The Council had been over for less than a year. Catholics were excited and confused. Different moves towards implementation, sometimes contradictory, were rumored. Already Catholic liberals were hard at work to lead the Church in their direction. What was Rome to do? After fifty-five years, we know what Cardinal Ottaviani, one of Cardinal Ratzinger’s predecessors as Prefect of the Congregation for the Doctrine of the Faith, decided to do: on July 24, 1966, he wrote to the Ordinaries of the world to sound the alarm. He had been receiving daily indications of a revolt against sound doctrine; some were already falsely appealing to the Council to spread their errors. These errors had to be dealt with.
Cardinal Ottaviani, best known in liturgically-minded circles for his intervention regarding the Mass of Paul VI in 1969, begins his letter by praising the Council’s wise documents in doctrine and discipline. He soon points out, however, that his office has been receiving worrisome indications of drifts in the Council’s interpretation. He lists these drifts—“theses [that] go beyond simple opinion” and “affect dogma”—and reduces them to ten specific points. He thus produces a sort of post-conciliar syllabus of errors.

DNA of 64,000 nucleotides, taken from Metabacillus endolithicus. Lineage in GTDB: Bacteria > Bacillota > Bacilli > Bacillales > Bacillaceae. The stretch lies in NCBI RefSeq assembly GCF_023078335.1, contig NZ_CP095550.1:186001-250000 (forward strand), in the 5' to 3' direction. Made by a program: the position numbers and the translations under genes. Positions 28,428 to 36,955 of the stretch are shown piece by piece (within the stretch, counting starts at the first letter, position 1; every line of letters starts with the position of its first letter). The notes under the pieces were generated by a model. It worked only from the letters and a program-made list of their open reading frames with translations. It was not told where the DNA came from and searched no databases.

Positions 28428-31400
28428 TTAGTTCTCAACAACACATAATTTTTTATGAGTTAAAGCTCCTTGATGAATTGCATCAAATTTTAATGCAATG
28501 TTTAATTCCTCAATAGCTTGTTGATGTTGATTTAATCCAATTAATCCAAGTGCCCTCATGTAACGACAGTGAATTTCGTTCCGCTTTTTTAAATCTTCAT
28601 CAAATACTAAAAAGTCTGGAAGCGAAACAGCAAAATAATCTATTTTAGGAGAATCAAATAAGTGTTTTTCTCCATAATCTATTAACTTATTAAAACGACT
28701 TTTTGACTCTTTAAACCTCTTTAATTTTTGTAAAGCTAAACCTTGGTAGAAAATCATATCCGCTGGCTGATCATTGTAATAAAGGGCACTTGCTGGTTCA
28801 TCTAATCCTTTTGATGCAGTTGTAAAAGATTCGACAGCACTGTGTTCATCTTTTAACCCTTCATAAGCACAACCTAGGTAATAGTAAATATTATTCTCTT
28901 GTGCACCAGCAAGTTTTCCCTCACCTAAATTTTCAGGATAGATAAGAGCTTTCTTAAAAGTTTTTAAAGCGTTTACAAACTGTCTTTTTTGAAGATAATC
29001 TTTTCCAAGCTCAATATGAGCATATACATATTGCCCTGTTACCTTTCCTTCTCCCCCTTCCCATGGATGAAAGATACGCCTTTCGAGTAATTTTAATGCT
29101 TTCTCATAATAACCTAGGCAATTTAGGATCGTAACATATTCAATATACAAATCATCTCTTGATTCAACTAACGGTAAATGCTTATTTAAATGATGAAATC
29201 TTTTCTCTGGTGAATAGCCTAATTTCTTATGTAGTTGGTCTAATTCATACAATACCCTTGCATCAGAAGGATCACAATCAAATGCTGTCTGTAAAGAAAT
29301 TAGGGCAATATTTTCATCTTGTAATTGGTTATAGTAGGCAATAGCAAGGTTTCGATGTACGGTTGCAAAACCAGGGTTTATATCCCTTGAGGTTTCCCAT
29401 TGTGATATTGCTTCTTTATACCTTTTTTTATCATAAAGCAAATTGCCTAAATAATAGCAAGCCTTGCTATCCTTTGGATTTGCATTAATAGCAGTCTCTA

His list is prophetic. It outlines attacks on Biblical inerrancy, the Magisterium, objective truth, Christology, the True Presence, and other essentials of the Faith. It was against the consequences of these errors, which he foresaw back in 1966, that he asked the bishops and superiors general of the world to “take care to repress [these errors] or to prevent them.”